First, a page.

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FHA Rates Better Than Conventional Rates
FHA requirements less rigid than conventional
April 17, 2017
By SAM GARCIA Mortgage Daily
Conventional wisdom has home shoppers with a low-down-payment FHA loan having a higher rate. But FHA rates have consistently been lower than conventional rates.
Conventional loans account for a majority of single-family mortgages that consumers normally use to finance a home purchase or refinance an existing mortgage.
After the closing, conventional loans are bought or guaranteed by Fannie Mae or Freddie Mac, the two big secondary market lenders that are currently controlled by the government.
In February, interest rates on 30-year conventional loans averaged 4.48 percent -- the highest they've been since October 2014 -- according to data from Ellie Mae Inc., which provides technology to process a big share of the nation's mortgage business.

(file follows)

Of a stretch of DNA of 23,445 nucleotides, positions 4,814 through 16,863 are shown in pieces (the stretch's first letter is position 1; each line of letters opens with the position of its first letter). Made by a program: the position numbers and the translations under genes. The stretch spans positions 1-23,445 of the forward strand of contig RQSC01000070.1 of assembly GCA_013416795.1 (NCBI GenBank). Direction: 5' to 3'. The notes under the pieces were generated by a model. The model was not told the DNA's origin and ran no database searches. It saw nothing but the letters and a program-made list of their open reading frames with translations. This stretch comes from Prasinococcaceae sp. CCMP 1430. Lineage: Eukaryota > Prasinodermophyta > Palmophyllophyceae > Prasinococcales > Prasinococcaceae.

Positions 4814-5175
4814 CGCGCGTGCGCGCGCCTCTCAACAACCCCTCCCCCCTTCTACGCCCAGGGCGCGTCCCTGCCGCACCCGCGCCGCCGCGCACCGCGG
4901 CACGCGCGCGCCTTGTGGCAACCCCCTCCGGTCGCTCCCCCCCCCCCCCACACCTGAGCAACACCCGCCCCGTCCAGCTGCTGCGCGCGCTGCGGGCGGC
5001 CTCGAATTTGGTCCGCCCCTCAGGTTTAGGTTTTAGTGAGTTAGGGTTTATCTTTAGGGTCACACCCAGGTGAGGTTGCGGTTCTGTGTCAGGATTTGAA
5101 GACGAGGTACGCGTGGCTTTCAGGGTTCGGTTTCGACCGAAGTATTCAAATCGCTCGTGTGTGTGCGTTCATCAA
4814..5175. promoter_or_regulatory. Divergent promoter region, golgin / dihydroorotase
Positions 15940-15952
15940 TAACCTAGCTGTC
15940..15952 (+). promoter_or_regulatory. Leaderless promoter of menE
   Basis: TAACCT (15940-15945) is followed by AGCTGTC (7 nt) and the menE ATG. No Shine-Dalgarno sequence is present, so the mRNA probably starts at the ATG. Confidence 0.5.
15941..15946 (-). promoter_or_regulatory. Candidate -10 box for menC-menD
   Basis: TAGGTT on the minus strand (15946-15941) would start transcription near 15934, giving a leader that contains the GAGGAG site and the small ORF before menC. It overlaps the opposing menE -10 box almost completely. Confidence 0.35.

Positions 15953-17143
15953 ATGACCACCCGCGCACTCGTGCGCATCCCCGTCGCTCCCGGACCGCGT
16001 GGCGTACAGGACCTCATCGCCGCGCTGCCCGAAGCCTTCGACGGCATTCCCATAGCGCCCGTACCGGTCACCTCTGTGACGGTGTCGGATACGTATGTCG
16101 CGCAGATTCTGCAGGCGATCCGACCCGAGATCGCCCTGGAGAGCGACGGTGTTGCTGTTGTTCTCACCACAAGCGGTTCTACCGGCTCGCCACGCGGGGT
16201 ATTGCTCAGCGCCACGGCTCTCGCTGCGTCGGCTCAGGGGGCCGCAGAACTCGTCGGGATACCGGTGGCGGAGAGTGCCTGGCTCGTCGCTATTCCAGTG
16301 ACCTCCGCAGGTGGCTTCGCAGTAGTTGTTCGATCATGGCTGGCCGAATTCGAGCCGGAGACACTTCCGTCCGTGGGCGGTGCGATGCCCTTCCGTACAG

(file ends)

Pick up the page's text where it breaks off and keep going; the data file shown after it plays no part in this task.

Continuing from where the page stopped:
But 30-year rates on home loans that are insured by FHA -- formally known as the Federal Housing Administration
-- averaged 4.28 percent in February 2017 -- 0.20 percentage points better than conforming rates.
It was similar a year earlier, when conventional rates were 4.29 percent and FHA rates were just 4.17 percent.
In fact, interest rates on FHA mortgages have been lower each month since at least January 2013 -- the oldest data available from Ellie.
Credit guidelines for FHA borrowers are more relaxed than for conventional programs.
In addition, home buyers who go with an FHA mortgage can pay a little as 3 percent down.
Borrowers who utilize FHA programs will need to pay mortgage insurance premium to FHA, which takes a hit when the borrowers don't pay.
But even on conventional loans, consumers must buy a policy from a private mortgage insurance company when they make less than a 20 percent downpayment, though conventional borrowers can avoid PMI with 10 percent down and a 10 percent second mortgage.